“Without Limiting the Generality of the Foregoing”

I had such fun contemplating for the avoidance of doubt that I was inspired to move on to its very close relative, without limiting the generality of the foregoing (and the even clunkier without limitation of the generality of the foregoing). My verdict? That you should almost always be able to use a less ponderous alternative.

Drafters use the phrase without limiting the generality of the foregoing to introduce one or more examples of a concept described in the immediately preceding language. (This is one of the functions of for the avoidance of doubt.)

One problem is that it’s not necessarily clear what the foregoing refers to. (Nowithstanding the foregoing suffers from the same problem; see MSCD 9.34.)

But that’s the least of it. The main awkwardness with this phrase is that it’s like a muddy patch in a footpath—the reader is brought to a standstill, then has to slog through it.

A simple alternative is the phrase including without limitation, which serves the same function. (See MSCD 9.6.). Not only is it shorter, it also allows you to express the same meaning in once sentence instead of two, thereby allowing you to eliminate further surplussage. Here’s an example (deleted language is in strikethrough; new language is in brackets):

Acme shall not make any claim or take any action adverse to Dynamic’s ownership of or interest in the Dynamic Marks. Without limiting the generality of the foregoing, Acme shall not attempt to register [, including without limitation registering] any Dynamic Mark or any mark confusingly similar thereto in any jurisdiction.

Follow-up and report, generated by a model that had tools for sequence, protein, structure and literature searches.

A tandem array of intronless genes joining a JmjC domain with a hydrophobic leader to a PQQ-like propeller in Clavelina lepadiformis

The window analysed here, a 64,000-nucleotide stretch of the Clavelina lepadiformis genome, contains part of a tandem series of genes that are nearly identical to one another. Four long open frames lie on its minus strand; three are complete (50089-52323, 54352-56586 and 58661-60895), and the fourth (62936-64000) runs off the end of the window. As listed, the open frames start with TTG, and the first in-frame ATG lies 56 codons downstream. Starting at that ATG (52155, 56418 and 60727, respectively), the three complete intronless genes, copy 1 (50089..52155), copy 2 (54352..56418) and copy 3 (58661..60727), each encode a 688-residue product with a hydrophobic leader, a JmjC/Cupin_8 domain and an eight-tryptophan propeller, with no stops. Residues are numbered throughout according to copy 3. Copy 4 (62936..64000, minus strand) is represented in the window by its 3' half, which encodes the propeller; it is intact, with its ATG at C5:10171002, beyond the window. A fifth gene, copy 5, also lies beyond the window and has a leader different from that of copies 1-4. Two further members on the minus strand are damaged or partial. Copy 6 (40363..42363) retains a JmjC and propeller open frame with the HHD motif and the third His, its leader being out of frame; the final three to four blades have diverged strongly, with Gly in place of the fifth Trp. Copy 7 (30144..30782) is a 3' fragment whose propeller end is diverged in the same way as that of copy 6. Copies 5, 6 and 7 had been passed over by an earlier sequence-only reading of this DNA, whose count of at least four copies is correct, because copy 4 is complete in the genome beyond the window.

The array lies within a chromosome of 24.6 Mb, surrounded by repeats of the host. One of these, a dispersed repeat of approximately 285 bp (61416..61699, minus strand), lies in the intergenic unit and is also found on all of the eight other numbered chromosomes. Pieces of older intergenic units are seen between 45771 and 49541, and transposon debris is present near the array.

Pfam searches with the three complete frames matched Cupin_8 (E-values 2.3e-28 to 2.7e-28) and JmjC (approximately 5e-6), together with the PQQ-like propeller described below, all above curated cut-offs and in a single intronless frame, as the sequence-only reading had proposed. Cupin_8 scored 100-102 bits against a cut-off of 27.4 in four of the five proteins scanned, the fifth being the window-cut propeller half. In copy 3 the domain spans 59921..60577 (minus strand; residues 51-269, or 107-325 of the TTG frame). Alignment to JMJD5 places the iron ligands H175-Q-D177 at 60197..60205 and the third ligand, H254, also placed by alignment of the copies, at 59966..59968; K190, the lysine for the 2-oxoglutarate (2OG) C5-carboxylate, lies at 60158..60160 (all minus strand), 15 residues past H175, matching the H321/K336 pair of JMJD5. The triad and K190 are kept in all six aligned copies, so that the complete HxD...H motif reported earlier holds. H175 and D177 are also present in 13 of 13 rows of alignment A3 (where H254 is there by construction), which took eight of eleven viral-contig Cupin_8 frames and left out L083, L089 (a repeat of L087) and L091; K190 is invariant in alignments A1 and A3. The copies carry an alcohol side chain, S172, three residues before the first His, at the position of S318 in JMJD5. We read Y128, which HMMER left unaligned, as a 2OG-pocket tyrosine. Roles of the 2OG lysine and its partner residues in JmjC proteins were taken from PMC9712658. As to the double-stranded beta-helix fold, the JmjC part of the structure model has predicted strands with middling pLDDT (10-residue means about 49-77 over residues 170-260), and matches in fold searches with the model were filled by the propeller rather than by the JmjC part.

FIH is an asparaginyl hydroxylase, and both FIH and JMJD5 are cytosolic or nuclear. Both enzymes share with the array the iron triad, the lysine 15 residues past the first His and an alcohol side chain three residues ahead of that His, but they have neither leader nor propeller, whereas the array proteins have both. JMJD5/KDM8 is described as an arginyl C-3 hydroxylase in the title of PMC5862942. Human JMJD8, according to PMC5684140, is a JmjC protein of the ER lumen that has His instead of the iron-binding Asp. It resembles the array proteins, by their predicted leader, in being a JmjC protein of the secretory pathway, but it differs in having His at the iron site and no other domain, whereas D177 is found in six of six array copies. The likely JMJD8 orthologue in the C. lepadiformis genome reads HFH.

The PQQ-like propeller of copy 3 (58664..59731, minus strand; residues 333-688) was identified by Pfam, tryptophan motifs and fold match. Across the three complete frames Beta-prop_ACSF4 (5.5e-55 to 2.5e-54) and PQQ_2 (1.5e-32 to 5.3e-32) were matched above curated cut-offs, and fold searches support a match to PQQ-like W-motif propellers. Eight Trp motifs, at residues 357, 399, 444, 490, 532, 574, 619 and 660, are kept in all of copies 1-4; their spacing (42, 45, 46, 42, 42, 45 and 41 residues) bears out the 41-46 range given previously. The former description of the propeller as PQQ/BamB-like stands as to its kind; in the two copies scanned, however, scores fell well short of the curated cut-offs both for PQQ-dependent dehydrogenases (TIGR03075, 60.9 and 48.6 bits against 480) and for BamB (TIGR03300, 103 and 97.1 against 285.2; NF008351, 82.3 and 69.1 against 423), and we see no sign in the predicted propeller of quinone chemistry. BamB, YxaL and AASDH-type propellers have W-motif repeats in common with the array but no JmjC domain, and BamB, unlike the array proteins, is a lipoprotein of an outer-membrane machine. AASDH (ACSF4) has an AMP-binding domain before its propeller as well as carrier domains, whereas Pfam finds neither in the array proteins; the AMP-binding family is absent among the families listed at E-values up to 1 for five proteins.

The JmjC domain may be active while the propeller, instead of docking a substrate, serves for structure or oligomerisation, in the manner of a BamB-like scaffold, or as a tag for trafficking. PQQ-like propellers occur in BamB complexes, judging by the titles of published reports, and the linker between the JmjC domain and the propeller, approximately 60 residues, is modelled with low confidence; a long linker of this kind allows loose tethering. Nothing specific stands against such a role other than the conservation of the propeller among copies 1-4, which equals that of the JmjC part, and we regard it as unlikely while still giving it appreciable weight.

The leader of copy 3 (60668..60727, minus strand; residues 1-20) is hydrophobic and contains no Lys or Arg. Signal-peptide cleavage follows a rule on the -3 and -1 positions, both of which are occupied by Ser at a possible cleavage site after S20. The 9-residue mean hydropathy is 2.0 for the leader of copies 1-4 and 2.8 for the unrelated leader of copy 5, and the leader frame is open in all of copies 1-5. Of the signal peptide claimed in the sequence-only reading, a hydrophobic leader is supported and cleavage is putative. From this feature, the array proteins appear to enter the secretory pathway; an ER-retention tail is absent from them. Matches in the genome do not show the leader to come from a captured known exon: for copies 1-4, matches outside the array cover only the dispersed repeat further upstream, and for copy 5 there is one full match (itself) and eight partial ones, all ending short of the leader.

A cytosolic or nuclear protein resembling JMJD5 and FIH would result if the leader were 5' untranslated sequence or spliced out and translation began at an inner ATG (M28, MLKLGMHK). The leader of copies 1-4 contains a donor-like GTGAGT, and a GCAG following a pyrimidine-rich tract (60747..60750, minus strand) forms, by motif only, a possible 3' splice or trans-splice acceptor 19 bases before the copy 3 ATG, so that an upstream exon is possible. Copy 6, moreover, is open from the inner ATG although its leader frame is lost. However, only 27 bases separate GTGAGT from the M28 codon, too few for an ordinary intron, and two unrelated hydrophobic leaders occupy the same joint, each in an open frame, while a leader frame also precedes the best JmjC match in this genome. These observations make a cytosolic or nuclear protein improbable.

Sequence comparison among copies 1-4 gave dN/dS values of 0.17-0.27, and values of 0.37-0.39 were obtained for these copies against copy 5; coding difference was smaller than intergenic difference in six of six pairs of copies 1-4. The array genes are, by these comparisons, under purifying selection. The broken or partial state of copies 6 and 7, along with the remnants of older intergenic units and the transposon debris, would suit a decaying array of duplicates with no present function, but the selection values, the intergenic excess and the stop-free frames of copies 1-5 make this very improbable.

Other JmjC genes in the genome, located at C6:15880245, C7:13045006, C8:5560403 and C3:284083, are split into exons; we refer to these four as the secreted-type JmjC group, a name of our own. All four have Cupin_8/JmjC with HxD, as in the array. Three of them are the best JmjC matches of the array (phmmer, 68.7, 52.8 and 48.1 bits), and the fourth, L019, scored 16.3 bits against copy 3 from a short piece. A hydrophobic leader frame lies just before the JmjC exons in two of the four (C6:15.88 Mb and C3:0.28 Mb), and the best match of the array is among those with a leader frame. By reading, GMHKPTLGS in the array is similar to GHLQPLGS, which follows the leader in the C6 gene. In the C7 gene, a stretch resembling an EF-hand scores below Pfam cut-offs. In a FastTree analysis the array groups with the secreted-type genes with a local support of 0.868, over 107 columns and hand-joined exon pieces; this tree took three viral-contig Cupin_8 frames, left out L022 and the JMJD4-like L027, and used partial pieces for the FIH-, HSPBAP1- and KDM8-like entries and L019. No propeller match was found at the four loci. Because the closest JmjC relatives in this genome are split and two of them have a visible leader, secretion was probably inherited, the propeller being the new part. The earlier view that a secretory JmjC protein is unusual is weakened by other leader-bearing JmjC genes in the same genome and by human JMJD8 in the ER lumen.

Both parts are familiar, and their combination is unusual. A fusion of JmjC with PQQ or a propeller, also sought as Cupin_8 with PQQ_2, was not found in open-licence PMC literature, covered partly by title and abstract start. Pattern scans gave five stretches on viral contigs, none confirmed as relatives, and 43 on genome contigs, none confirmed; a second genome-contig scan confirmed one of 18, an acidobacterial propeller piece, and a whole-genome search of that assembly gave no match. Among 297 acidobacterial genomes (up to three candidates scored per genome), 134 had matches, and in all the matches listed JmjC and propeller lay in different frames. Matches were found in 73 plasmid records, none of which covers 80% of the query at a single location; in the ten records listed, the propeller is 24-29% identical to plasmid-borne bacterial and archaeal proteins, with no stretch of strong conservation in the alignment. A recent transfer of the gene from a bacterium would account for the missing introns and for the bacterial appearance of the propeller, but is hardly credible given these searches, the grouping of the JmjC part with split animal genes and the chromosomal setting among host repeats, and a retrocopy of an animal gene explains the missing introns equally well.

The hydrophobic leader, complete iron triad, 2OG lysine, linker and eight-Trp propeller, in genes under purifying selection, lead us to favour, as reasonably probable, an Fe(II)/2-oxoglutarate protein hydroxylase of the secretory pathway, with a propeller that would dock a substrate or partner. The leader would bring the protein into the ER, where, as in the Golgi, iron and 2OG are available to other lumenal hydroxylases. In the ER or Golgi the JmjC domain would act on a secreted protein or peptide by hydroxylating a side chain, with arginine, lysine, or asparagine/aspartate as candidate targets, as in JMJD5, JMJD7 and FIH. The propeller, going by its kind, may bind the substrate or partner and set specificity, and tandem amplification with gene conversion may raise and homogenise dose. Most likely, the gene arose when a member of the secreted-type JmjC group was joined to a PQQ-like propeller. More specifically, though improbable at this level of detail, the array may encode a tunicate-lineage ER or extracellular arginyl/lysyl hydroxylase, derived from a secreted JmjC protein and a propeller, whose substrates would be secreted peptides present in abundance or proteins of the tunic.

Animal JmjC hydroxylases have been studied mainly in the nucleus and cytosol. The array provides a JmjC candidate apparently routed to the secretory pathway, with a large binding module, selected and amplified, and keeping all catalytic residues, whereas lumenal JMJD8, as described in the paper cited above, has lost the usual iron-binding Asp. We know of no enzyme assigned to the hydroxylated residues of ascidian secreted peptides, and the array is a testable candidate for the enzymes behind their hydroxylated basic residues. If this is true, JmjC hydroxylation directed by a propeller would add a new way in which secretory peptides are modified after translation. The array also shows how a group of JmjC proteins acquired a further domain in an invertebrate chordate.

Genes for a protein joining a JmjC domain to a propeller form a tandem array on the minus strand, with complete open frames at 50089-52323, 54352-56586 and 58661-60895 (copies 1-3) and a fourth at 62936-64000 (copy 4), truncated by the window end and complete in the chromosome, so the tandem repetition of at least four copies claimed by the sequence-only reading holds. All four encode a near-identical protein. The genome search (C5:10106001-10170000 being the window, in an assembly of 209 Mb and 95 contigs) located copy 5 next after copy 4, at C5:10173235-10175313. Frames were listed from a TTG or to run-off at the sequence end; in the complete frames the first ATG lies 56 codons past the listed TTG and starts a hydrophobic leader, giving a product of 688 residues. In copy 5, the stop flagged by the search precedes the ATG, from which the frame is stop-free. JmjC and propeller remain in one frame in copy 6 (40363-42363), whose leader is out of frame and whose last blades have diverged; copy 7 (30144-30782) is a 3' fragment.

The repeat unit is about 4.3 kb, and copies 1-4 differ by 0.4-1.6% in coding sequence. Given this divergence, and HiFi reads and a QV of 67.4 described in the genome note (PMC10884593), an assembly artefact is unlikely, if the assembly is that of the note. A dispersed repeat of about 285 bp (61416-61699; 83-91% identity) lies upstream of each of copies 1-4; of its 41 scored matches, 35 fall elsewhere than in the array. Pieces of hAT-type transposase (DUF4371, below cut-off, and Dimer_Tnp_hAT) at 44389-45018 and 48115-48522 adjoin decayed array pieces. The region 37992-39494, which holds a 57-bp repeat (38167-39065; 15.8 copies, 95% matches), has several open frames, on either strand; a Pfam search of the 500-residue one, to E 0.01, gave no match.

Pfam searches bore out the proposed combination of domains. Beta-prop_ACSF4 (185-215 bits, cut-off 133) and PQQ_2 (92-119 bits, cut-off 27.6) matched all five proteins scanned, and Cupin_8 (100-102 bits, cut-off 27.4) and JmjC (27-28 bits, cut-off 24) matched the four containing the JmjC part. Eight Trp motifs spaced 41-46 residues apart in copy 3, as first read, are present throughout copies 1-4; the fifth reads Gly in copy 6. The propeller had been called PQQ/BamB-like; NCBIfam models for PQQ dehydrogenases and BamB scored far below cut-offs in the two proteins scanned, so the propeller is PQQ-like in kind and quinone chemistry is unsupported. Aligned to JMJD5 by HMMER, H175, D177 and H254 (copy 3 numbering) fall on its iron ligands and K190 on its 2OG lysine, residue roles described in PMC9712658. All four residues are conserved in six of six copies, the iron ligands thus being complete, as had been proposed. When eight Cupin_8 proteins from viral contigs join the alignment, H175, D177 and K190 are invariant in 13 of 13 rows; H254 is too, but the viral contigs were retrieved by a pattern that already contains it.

Another alternative would be to place the examples at the front and modify the general concept so that it becomes a catch-all at the end:

The Debtor shall from time to time, at its expense, immediately execute all documents and take all actions that the Secured Party requests in order to perfect any security interest granted under this agreement or to enable the Secured Party to exercise its rights under this agreement with respect to any Collateral. Without limiting the generality of the foregoing, the [The] Debtor shall immediately upon request of the Secured Party do one or more of the following: (1) execute and file such financing or continuation statements, or amendments thereto, and such other instruments or notices, as the Secured Party requests in order to perfect the security interests granted under this agreement (in such jurisdictions and with such officers as the Secured Party requests); (2) allow the Secured Party or any person designated by the Secured Party to inspect any Collateral; and (3) appear in and defend any proceeding that may affect Debtor’s title to or the Secured Party’s security interest in the Collateral [; and (4) at its expense immediately execute any other documents and take any other actions in order to perfect any security interest granted under this agreement or to enable the Secured Party to exercise its rights under this agreement with respect to any Collateral].